Learning agreements are something that Community Learn have been negotiating for and implementing at workplaces for many years. But what is the importance and relevance of such an agreement? Lisa Francis Community’s Learning Organiser explains how learning agreements transform workplaces in this short blog.
Ensuring access to training for all workers across sectors and job roles is a key passion of ours and part of the way we monitor and assess our projects. Learning agreements are just one of many tools we use to help us along the way.
A learning agreement shows a partnership between a union branch and an employer with the same goal in mind; to upskill the employees to create a more skilled workforce. An agreement provides everyone that opportunity to increase their skills and have transferable qualifications for job security.
To add to that with the promotion of onsite flexible learning, with negotiated time off where possible, this allows workers who would struggle to do training outside of working hours the chance to do so. It really helps to break down those barriers to learning.
The agreement would have objectives and a clear purpose that gives our members the confidence that their learning needs will be addressed. Learning agreements encourage employer engagement to ensure a more accurate skills needs analyse is planned. This helps to close skill gaps between workers but also enables individuals to get the right training that will benefit them most. With support from Community Learn, the agreements aim to enhance employer’s co-investment and responsibility in keeping their employees’ skills up to date.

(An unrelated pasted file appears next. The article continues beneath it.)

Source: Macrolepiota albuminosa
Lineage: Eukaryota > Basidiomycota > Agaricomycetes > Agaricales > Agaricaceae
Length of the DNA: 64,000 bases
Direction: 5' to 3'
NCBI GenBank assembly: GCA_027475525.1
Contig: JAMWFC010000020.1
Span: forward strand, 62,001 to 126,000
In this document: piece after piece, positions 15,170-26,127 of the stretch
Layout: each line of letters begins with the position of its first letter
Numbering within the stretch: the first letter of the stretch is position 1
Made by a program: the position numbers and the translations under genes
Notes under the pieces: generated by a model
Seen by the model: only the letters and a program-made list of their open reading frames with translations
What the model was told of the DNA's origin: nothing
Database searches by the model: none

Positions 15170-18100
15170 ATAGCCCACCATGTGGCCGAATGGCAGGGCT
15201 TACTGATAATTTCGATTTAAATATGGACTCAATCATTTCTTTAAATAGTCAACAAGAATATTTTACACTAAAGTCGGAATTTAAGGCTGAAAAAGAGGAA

A large part of a learning agreement is the right and responsibilities of Union learning representatives (ULRs) and ensuring they have release from their normal work duties to carry out the role. A ULR is a nominated branch member who is dedicated to promoting a learning culture and agenda in the workplace. They are the person that colleagues can speak too about their learning aspirations and needs. Having that person can encourage people who have essential skills issues (Maths, English and IT) to come forward and ask for that help so they can improve their skills which will ultimately help them at work and beyond.
Improving individual’s essential skills increases their knowledge and understanding in and out of work. Many of our workplaces can be dangerous, an understanding of health and safety policies is vital for workers responsibility of safety to themselves and others. Improved communication and reading skills are only going to result in less health and safety risks for a workplace. Outside of work, improved skills might help them to carry out daily tasks or get online, or even support their families.
The benefits of a learning agreement make them a vital tool for workers, employers and the Union. If you are interested in developing a learning agreement in your branch, then I urge you to get in touch with us at firstname.lastname@example.org
Find out more about the courses available through Community Learn here.